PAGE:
0 Comments

Submit a Comment

Your email address will not be published. Required fields are marked *

ABOUT

Hi, am Dr Hayley Stainton

I’ve been travelling, studying and teaching travel and tourism since I was 16. Through Tourism Teacher I share my knowledge on the principles and practice of travel and tourism management from both an academic and practical perspective.

Follow Me

LATEST POSTS

Types of rail transport | Understanding tourism

There are so many types of rail transport used in the tourism industry. From high speed trains to funiculars, there are many different types of rail transport used around the world. In this article I will introduce you to these types of rail transport and give you...

What does the World Travel and Tourism Council do?

The World Travel and Tourism Council is an important player in the world of travel. But chances are, you might not have even heard of them! This post looks at what the WTTC is, and what it does… What is the World Travel and Tourism Council? Founded in 1990, the WTTC...

How to renew a UK passport | A step by step guide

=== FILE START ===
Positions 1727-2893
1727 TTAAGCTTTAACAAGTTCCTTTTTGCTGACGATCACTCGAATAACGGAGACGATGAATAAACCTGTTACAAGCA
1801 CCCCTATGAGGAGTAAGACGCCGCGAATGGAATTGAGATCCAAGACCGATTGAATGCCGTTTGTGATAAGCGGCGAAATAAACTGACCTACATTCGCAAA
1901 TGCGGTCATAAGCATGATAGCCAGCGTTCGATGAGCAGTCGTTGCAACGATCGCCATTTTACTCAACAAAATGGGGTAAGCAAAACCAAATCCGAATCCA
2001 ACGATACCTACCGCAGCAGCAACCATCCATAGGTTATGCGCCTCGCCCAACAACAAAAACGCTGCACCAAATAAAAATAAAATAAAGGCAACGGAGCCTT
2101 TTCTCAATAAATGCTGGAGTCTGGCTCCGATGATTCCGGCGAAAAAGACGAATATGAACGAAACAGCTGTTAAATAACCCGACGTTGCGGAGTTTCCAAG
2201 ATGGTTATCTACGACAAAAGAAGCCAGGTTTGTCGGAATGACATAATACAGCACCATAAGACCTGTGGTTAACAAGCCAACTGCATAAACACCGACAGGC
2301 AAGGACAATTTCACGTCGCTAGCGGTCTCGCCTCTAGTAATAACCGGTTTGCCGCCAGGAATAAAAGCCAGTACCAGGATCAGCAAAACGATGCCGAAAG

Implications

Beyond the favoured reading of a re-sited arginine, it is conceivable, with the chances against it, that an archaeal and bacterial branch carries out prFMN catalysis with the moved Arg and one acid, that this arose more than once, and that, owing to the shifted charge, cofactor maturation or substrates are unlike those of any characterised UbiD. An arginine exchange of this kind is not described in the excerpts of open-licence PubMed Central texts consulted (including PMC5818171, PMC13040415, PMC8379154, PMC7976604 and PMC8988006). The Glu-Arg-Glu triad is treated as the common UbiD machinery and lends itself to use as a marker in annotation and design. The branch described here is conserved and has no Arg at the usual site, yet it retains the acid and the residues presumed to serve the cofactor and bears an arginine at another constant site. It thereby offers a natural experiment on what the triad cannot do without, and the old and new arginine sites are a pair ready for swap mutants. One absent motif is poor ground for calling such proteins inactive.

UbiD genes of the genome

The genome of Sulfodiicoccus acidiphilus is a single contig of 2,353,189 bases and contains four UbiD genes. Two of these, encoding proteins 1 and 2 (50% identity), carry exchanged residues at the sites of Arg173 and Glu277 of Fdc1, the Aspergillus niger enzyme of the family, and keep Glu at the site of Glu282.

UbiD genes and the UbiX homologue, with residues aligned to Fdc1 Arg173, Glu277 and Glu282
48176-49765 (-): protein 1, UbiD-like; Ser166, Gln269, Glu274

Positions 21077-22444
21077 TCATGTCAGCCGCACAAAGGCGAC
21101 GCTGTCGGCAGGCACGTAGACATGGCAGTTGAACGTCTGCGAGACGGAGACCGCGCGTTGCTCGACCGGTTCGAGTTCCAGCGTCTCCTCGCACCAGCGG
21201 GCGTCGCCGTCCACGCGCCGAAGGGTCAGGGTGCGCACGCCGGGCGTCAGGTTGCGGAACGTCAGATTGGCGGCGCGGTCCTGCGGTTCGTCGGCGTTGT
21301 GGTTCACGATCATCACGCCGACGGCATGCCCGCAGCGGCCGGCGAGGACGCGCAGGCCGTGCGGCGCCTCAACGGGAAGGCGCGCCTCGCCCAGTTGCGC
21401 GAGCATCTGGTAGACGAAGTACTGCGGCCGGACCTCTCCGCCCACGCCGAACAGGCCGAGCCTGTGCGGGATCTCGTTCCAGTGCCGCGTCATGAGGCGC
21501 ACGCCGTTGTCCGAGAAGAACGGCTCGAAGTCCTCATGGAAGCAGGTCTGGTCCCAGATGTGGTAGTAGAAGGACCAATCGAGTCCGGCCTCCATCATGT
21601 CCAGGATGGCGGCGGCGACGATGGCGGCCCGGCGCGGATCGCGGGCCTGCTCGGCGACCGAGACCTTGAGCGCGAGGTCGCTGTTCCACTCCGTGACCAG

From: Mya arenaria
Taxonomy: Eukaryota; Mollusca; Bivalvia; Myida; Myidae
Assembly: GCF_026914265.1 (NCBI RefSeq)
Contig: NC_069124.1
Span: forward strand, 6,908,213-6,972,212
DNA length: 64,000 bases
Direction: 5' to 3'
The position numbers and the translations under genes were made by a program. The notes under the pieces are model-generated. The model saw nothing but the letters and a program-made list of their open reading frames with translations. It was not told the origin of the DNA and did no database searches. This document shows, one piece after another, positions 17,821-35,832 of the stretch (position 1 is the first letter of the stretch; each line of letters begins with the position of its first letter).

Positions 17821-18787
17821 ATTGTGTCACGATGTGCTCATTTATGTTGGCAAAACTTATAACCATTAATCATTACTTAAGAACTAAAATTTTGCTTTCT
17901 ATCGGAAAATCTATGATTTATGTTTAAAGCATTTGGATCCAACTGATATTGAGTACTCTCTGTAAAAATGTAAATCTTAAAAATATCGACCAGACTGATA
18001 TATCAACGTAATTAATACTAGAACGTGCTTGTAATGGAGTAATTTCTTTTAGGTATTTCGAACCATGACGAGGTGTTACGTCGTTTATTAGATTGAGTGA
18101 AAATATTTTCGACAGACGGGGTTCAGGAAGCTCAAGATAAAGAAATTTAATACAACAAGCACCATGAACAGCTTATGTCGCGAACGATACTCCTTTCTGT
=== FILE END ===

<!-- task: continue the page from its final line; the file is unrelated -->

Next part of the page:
Are you wondering how to renew a UK passport? When it comes to travelling abroad, there is one thing you need that is more important than anything else. And that’s a passport! You can’t travel across country borders without one, except in very particular circumstances...

The sex hotel: What, where and why

Whilst many people are ignorantly unaware of the concept of the sex hotel, others are frequenting them on a regular basis. An important part of the tourism industry in some parts of the world, sex hotels give people a safe and secure place for intimacy and bring in...

What is a UNESCO Geopark? Understanding tourism

You may have seen the term UNESCO Geopark floating around on your travels. You may have even been to a UNESCO Geopark. But what actually is one of these and why were they created? In this article, I explain all... Who are UNESCO? When it comes to understanding what a...